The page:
Then again, the kind of limited government favored by Rand (and the Tea Party?) would not only keep government out of the boardroom, but also remove it from the bedroom. Perhaps First Things sees a possible future and doesn’t like it.

  7. John says:

    Was Satan for or against the auto bailouts?

    Inquiring minds want to know.

  8. Mr. Wonderful says:

    Even conservatives (especially skeptical ones) will find laffs aplenty in the definitive parody of Atlas Shrugged. Find out what John Glatt, Dragnie Tagbord, and the rest of the demi-god gang are up to, ten years later:

  9. Frederick Santal says:

    >Was Satan for or against the auto bailouts?

    To know what Satan is for just watch what leftists do or try to do.

  10. ◄Dave► says:

    @Frederick Santal

    An omnipotent god could, by definition, eradicate a “fallen angel,” whatever that might be. One wonders how many of those there might be flitting about. The notion of an eternal celestial battle between the forces of good (God’s camp) and evil (Devil’s camp) that is supposed to affect our daily lives, necessarily posits at least two powerful gods – neither of which can overcome the other – presumedly using Earth as a game board and humans as cannon fodder for their amusement. However do they keep score? ◄Dave►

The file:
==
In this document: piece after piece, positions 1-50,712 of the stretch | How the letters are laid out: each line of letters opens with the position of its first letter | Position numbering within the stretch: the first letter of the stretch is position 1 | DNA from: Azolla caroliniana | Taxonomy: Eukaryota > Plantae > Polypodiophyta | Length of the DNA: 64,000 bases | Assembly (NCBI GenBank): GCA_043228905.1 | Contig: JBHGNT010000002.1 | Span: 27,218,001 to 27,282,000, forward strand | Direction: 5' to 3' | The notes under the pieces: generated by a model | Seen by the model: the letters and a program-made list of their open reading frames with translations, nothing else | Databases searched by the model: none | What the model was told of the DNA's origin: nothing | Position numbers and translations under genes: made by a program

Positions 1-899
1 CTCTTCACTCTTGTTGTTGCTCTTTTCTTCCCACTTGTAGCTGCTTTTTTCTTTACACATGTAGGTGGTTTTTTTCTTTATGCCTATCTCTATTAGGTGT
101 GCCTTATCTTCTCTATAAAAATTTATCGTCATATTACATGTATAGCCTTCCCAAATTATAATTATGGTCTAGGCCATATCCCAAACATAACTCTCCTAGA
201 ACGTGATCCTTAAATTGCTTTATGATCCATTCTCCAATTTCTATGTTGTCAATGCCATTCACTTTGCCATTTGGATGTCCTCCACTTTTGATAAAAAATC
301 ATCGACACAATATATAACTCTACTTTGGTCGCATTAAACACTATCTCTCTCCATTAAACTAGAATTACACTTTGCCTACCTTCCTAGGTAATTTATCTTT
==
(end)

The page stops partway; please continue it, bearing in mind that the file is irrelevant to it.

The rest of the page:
11. Frederick Santal says:

    Why assume equality? Satan is God’s monkey, as Luther said.

    God’s plan of redemption exists for a reason. The mechanics of it. The forces involved. Real understanding, real consciousness, real will has to develop in individuals in God’s plan. To create such beings by fiat obviously would result in a different kind of being.

    To know good and evil is part of God’s people developing in a real way. Jesus himself says that the negative part has to exist, yet woe to those who play that part.

    Satan fell like Adam fell, and in Satan’s case God uses his evil and evil influence for the purposes of His plan.

  12. CJColucci says:

    The relative merits of the teachings of Ayn Rand v. Jesus is not something I care to take sides on here, but I have long been tired of people who pretend there is nothing to take sides about, and sell one product while trading on the good will (whether earned or not is irrelevant for my purposes) of the other. There’s something to be said for laying the conflict on the table and seeing what people will choose once they know they need to choose.

  13. Polichinello says:

    The main question one should ask of those looking to Rand is whether they view as a guide for a positive program, or a negative critic of crony capitalism. If the former, they should be treated with caution, if not derision. If the latter, I don’t see any problem. Her chapters describing the unintended consequences and distortions created by government intervention are rather prophetic. Even a liberal could profit by reading those chapters. I think Ryan and the others view her as a negative critic. They’re certainly not Objectivists.